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Looking forward: 10 big news stories that will develop in 2020

Hannah Grover
Farmington Daily Times
The south end of the East Aztec Arterial Route is pictured, Tuesday, Dec. 31, 2019, in Aztec. The city received funding in 2019 to complete the road.

FARMINGTON — 2020 will be a year when plans made years, or even decades ago begin to come to fruition — from major road projects to a new wastewater treatment facility.

Here’s a look at 10 stories that will develop in 2020.

1. Construction 

A sign tells drivers that the East Aztec Arterial Route is closed. Construction will be one of the major stories in 2020.

Major construction projects will dominate 2020. Farmington has already begun work on its Complete Streets Downtown Revitalization project, which is aimed at creating a more pedestrian-friendly environment and transforming the downtown into a destination.

More:Street closures planned in advance of Complete Streets construction in January

Meanwhile, Aztec has funding in place to complete the East Aztec Arterial Route as well as work on the North Main Avenue extension project. These two projects have the potential to change the city’s downtown by rerouting heavy truck traffic away from the historic downtown and by further developing a connection to Aztec Ruins National Monument.

More:Film studio, arterial route and code talkers museum included in capital outlay bill

A lane finder works, Tuesday, Dec. 31, 2019, in downtown Farmington as the Complete Streets project gets underway.

2. Outdoor recreation

Outdoor recreation will continue to be a focal point in 2020. The City of Farmington is kicking off the new year with consideration of increasing swimming options at Lake Farmington. The City Council will likely vote this month on allowing people to swim throughout the lake rather than just at The Beach.

More:Newly-adopted Outdoor Pledge provides a chance to voice support for city's efforts

Betty Abrahamson, left, and her daughter Kirstin Abrahamson take a break, Monday, Aug. 15, 2016 while paddleboarding on Lake Farmington.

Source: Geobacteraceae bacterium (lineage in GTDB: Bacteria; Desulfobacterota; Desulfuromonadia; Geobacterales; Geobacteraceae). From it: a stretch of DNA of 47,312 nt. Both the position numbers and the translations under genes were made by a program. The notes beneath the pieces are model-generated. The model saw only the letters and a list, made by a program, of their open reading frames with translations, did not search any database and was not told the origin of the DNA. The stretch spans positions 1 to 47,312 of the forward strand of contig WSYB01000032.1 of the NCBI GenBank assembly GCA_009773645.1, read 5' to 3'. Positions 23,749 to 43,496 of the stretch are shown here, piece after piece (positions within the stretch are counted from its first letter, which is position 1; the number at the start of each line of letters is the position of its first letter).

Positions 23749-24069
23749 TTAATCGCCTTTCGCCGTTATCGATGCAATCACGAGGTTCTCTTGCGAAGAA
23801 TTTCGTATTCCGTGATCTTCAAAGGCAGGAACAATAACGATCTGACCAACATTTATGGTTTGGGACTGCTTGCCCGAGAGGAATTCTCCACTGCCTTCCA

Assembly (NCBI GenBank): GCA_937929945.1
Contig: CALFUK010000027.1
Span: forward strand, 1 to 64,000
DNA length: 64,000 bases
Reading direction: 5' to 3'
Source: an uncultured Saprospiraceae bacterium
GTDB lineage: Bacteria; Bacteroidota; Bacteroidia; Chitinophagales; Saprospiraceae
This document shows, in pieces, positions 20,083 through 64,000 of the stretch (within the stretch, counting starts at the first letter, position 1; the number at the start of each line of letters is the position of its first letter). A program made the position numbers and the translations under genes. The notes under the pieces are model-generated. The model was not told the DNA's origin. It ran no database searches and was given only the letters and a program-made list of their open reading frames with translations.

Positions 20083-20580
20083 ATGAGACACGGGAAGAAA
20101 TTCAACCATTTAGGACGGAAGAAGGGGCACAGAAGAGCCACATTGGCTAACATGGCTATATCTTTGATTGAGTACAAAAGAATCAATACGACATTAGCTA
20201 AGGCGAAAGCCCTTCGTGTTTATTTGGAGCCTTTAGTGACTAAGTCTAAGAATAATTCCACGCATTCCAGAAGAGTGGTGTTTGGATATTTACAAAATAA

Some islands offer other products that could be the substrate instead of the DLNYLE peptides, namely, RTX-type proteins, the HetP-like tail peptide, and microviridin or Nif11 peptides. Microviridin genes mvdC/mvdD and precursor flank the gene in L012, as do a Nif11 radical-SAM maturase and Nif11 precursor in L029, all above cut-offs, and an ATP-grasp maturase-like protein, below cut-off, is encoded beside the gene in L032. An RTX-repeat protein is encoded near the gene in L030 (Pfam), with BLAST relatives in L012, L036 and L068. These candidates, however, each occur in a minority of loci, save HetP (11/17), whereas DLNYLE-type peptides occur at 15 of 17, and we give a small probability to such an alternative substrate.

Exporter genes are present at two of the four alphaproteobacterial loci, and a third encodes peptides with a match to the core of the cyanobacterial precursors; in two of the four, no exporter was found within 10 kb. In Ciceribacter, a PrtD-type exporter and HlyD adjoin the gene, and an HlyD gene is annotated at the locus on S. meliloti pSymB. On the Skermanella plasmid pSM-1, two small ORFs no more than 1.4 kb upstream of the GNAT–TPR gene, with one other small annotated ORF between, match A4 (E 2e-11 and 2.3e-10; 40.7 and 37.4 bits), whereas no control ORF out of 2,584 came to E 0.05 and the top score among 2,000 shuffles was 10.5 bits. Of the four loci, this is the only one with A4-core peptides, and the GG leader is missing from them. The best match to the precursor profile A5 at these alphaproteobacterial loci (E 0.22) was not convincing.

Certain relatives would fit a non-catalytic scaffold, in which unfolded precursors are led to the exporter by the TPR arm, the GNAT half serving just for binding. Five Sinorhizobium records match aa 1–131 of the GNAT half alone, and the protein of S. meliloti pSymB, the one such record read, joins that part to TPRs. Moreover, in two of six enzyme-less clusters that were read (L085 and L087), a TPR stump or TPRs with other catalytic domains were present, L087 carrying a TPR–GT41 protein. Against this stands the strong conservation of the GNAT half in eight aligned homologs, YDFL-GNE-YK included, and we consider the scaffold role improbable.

San Juan County residents can expect to see additional trail building. The City of Farmington will work to complete the river trail system. Meanwhile, Bloomfield is working on a trail inventory project and Aztec is annexing land to build trails.

More:As New Mexico focuses on promoting outdoor recreation, Bloomfield works to map trails

As local governments focus on promoting outdoor recreation, residents can expect to see new businesses opening hoping to cash in on the efforts.

More:Farmington looks at outdoor recreation assets it could market to the world

3. Bloomfield wastewater treatment plant

Bloomfield must replace its wastewater treatment plant by December 2024, and the project won’t be cheap. The city received funding from the state’s clean water revolving loan fund. The city is receiving a $7.65 million low-interest loan as well as a $3.35 million grant to fund the approximately $11 million project. But that also required an increase in wastewater rates for Bloomfield residents.

More:Bloomfield wastewater plant replacement will cost $11 million

In early February, Bloomfield will have a public meeting to discuss the preliminary engineering report, final design and environmental information document.

4. San Juan Generating Station

Two of the four units at the San Juan Generating Station have already closed as part of an agreement with the U.S. Environmental Protection Agency to cut emissions at the power plant.

One of the major stories of 2019 was the future of the San Juan Generating Station. This will continue to develop in 2020.

Residents can expect to learn more about plans for carbon capture at the power plant when Enchant Energy releases the results of its Front-End Engineering and Design study in 2020. San Juan County residents won’t be the only ones watching as the carbon capture plans unfold. The proposal has gained state, national and even international attention.

More:San Juan Generating Station hearing discussions included decommissioning, carbon capture